For immediate release | April 16, 2018

Libraries champion nation’s diversity through Día, April 30

CHICAGO – Demographic trends indicate the United States will become a majority minority country in the near future. To help guide local communities during this time of rapid social change, libraries and librarians are developing programs, services and collections that are as diverse as the populations they serve.

On April 30, hundreds of libraries across the country will celebrate Día, a national library program that fosters literacy for all children from all backgrounds by connecting children and families to books, stories and other library resources. Libraries are a cornerstone of the American dream, offering equal access to information of all kinds and bringing access and opportunity to all. Programs like Día help libraries and librarians provide an inclusive environment in the community where all are treated with respect and dignity.

This year’s Día celebrations will consist of multicultural events that honor and embrace a child’s home language, heritage and culture. Programming includes bilingual story hours featuring a variety of languages, book giveaways and a host of other fun activities for families. For example, in Massachusetts, the Boston Public Library will host a Barbershop/Hair Salon Story Time with local hair salon and barbershop owners as special guests. Children will learn about these neighborhood hubs, their work, tools and hairstyles, and create their own identity crowns. The Bentonville Public Library in Arkansas will host author Janet Wong for A Festival of Family Stories: Celebrating Día. Wong will share selections from diverse books and local students will join her on stage to read poems and stories representing many cultures.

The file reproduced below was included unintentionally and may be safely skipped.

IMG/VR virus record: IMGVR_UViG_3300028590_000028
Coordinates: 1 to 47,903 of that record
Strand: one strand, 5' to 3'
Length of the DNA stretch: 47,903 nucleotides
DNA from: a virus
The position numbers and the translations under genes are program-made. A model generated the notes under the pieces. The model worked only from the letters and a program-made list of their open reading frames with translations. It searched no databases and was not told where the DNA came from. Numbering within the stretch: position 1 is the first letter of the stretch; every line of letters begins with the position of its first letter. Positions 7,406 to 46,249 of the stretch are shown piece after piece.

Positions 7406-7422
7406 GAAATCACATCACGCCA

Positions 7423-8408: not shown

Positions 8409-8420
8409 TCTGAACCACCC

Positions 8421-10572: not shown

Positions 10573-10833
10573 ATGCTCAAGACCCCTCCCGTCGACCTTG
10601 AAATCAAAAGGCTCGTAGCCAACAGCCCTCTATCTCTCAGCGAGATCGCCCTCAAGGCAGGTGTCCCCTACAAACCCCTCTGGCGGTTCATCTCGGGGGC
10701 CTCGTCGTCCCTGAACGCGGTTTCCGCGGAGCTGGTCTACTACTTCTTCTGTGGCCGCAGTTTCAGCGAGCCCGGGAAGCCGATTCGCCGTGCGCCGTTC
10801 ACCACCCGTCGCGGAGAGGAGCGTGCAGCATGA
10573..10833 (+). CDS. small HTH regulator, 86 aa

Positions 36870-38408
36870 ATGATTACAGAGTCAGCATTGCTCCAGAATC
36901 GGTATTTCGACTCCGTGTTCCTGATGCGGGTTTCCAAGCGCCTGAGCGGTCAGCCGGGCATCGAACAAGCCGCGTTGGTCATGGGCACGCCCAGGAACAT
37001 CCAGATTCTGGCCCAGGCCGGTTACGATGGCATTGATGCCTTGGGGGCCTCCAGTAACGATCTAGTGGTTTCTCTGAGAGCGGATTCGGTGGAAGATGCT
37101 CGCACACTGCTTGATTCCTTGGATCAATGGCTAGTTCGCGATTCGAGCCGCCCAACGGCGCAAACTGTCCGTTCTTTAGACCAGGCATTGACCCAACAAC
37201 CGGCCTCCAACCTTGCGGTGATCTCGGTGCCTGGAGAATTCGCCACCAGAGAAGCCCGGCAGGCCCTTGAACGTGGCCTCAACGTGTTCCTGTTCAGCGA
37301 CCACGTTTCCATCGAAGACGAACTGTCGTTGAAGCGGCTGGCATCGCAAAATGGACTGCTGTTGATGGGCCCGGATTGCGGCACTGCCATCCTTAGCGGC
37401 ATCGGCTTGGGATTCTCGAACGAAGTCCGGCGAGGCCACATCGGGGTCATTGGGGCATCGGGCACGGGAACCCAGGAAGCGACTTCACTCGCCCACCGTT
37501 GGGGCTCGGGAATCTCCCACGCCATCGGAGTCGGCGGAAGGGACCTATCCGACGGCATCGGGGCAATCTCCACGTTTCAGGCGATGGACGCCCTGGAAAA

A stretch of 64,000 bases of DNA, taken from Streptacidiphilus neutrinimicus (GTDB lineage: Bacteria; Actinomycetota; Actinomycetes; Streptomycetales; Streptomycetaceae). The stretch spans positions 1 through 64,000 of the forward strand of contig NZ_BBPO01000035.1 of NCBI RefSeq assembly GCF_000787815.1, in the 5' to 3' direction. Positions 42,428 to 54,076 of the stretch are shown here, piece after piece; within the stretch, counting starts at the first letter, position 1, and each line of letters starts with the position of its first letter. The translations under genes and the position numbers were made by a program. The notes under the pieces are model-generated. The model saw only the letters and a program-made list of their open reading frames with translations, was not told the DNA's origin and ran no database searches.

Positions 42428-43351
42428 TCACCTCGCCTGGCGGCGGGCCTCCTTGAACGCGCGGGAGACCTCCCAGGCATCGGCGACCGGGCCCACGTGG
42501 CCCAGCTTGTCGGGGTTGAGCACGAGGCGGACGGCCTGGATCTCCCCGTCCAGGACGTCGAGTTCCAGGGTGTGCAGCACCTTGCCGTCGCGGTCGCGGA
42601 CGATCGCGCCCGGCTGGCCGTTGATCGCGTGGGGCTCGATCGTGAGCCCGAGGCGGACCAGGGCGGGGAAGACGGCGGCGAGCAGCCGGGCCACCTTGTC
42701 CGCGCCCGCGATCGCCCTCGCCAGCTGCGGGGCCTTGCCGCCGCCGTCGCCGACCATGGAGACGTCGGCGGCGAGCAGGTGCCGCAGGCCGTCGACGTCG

“Diversity is a powerful asset that helps children, families and communities to thrive,” said Nina Lindsay, president of the Association for Library Service to Children. “Libraries are a microcosm of the larger society. They play an important role in transforming lives and communities by offering educational resources that advance understanding and inclusion and challenge misconceptions and intolerance.”

Día is a commitment to include and celebrate a variety of cultures every day, year-round, culminating annually on April 30. Librarians understand that to foster literacy, children must have access to books and resources that mirror their culture and language.

Día booklists, coloring sheets, an interactive map of participating libraries and other resources can be found at

To follow or post about Día on social media, please use #diatogether, #sharebookjoy and #STEAMwithdia.

The Association for Library Service to Children, a division of the American Library Association, is the national home for Día and the National Association to Promote Library and Information Services to Latinos and the Spanish Speaking (REFORMA) and acclaimed children’s author Pat Mora are founding partners of the initiative. Día is an enhancement of Children’s Day, which started in 1925 and was designated as a day to bring attention to the importance and well-being of children. In 1996, Mora proposed linking the celebration of childhood and children with literacy to found Día.


Heather Cho

Media Relations Specialist

Public Awareness Office